I’m a big fan of the Hot Wheels Scene Machines, so when I found this S.W.A.T. Van at an estate sale recently, I took it home with me even though I already have one. And since it was half-price day, I took home a few other interesting models as well. The 1979 S.W.A.T. Van is based on the Letter Getter from 1977, but like all Scene Machines, it has a lens embedded in the back so you can peer inside to see what’s happening in the interior.
Hot Wheels | 1979 | 2854 | S.W.A.T. Van (Scene Machines) | dark enamel blue with white & orange trim | HK | bs
This Scene Machine has a lot of dust inside, so the image isn’t particularly clear, but I’m including a photo here of the scene inside of my other S.W.A.T. Van.
Continuing my recent trend of finding open-wheel race cars, I nabbed this 1993 version of Thunderstreak. It’s from the short-lived Hot Wheels Pro Circuit series, a collection of cars that came with special wheels and a collector card in an oversized blister pack. I might have to attempt some repairs to the bent front wing and axles, but the Al Unser Jr. Valvoline livery takes me back to my days of watching Indy car races at Phoenix International Raceway in the late 1980s.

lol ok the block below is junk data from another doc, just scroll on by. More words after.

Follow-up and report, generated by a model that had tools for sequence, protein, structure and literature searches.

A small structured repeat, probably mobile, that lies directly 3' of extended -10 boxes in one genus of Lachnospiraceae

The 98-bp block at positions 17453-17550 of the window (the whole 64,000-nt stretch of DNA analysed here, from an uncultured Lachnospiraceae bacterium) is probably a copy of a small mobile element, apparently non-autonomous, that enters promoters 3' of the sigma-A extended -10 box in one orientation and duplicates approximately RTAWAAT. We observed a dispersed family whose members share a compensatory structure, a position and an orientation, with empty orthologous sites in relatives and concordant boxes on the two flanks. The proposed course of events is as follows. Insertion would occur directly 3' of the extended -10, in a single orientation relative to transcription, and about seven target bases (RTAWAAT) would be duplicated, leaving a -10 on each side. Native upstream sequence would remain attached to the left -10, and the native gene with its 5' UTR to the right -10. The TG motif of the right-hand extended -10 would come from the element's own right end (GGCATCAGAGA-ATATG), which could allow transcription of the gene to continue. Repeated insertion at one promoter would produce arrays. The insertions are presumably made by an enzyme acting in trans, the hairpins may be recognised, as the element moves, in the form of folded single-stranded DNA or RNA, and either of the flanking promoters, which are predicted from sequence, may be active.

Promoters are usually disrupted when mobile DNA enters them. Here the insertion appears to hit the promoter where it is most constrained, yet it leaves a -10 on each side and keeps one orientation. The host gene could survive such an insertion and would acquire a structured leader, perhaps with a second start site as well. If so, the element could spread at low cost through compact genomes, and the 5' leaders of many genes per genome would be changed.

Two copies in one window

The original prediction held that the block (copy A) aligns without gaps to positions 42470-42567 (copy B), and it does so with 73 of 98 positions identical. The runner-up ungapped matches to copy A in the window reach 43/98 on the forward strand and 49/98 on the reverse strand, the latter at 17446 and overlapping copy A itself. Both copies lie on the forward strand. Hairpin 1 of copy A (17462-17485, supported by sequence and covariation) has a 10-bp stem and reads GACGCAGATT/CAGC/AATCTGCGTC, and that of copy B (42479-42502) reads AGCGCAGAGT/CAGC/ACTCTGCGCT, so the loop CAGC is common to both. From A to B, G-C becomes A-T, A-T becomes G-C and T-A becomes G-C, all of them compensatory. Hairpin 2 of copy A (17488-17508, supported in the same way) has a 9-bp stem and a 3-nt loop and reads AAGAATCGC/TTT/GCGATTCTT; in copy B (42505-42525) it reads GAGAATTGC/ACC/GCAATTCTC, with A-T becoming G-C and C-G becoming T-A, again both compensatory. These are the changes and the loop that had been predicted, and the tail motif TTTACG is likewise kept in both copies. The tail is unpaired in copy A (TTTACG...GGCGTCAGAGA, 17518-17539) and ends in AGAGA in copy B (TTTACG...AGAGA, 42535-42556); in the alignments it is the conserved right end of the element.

This last Hot Wheels model is the second well-worn 1968 Custom Fleetside I’ve added to my collection. Both are missing the plastic bed cover, but this one is even more beat-up and is also missing a rear wheel. Still, who can resist one of the original 16 – especially the Fleetside, which was the first casting designed by Harry Bradley, who based the model on his own daily driver?
Yet another open-wheel racer, this one a Matchbox Formula 1 Racer. First released in 1984, this popular model has been issued in about 35 different variations
The lady who was taking money at the sale must have been a Benz fan, as she had this Matchbox Mercedes Benz 300E on her table and told me it was the “best one” of the bunch. The casting debuted in 1987 and features opening front doors.